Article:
5 minutes with: Professor Stephen Duffy

Stephen Duffy is a statistician by training, educated at the University of Edinburgh and Imperial College, London. He has worked in the UK, Singapore, France, Sweden and Russia. 

In the past, much of his work was on randomised trials of cancer screening. These included the Swedish Two-County Trial of breast cancer screening, on which the UK’s national breast screening programme was based, the UK Trial of Flexible Sigmoidoscopy, and the UK Lung Screening Trial. As a result of the breast screening work, he has twice been awarded the Alexander Margulis Prize for Scientific Excellence by the Radiological Society of North America. 

Since 2010, Duffy has been director of the Policy Research Unit in Cancer Awareness, Screening and Early Diagnosis, which is a collaboration of primary care physicians, behavioural scientists, epidemiologists and statisticians in seven institutions. It researches interventions to promote diagnosis of cancer at an earlier stage by both screening and symptomatic routes. 


Where do you get your best research ideas?

Usually in conversation with colleagues, particularly Peter Sasieni, one of the smartest people I know. I am not sure whether that means I pinch their ideas, or just that the exchange stimulates the ideas. Let’s assume the latter for purposes of argument.

Which failure(s) changed you the most?

I guess having my CR-UK programme grant discontinued in 2008. It forced me to look in different directions and find a funder who was interested in breadth rather than depth, since I’m a bit of a jack of all trades, master of none.

Speaking of failure, I remember emerging shell-shocked from a particularly tough numerical analysis exam, and one of my fellow students remarked, ‘You know the phrase, an insult to your intelligence? Well, that exam was the finest compliment anyone has ever paid to my intelligence.’ The first thing that university taught me was that I wasn’t as smart as I thought.

What is the best piece of advice (work or life) you’ve been given?

In terms of work, it came from my boss, Charles Rossiter, when I worked at Northwick Park in the 1980’s. It was very specific to me, so is not much use to anyone else. When I told him that I would like to work overseas, Charles said, ‘Why don’t you write to Nick Day?’ Nick was the head of Biostatistics and Field Studies at the International Agency for Research on Cancer in Lyon. I took the advice and wrote to him. Nick sent me to Singapore the following year. Nick is a lovely man, and was a great boss. I ended up working with him for the next fifteen years, in a job that took me all over the world, and gave me a career in cancer screening.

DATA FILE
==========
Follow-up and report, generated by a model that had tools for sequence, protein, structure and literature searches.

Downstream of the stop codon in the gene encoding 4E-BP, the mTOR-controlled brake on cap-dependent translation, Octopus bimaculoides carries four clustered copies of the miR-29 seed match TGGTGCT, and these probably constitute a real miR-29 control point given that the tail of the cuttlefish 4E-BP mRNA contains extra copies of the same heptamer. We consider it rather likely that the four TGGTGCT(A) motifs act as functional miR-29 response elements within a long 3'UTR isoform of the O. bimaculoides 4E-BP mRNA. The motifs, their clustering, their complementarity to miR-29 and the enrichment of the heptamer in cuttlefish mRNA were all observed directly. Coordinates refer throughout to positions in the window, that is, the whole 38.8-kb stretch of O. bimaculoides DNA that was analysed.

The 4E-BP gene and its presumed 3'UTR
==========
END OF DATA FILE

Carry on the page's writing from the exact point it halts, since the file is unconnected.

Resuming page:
For advice which might be of use to others, the late Jane Wardle, a brilliant health behaviour psychologist, once said that people respond more to positive messages than to hand-wringing. I think that is a valuable principle to follow.

I’m inspired most by…

My family. When I was young my inspirations were my older brothers Tony (Tbone, the musical one) and John (the academic known to the rest of the family as Father Jack, for reasons you would understand if you met him). Nowadays, I am inspired by the brilliance and work ethic of my wife Linda, and the way our sons Bill and Tom persevere despite adversity of various kinds.

What’s an event that changed your life?

Meeting my wife Linda at a Royal Statistical Society conference in Cambridge in 1987.

What’s the next big thing in cancer? What will be the game changers?

As regards predictions, I have a 100% record. I am always wrong. However, I will tell you what I hope for. When the USA’s National Lung Screening Trial published its dramatic result, a 20% reduction in lung cancer mortality with low dose CT screening, I was so excited. I thought, at last- something that works for lung cancer. I am hoping that sometime in the near future we will find something (prevention, early detection or treatment) that works for pancreatic cancer. Also, things are moving fast in terms of oesophageal cancer prevention, early detection and control. I hope for a breakthrough there.

What is your favourite paper that you’ve published in the last 5 years (the one you’re most proud of)?

Sir Richard Doll once said that your most interesting work is not published in The Lancet or the New England Journal of Medicine, it is published in less high impact journals that are prepared to take a chance on new ideas. I suspect my most important papers of the last five years were the final follow-up of the UK Breast Screening Age Trial and the first mortality results of the UK Lung Screening Trial, but the one I like best and had most fun writing is a sort of educational paper on methods of evaluation of cancer screening, and was published in a low impact journal.



The views expressed are those of the author. Posting of the blog does not signify that the Cancer Prevention Group endorse those views or opinions.

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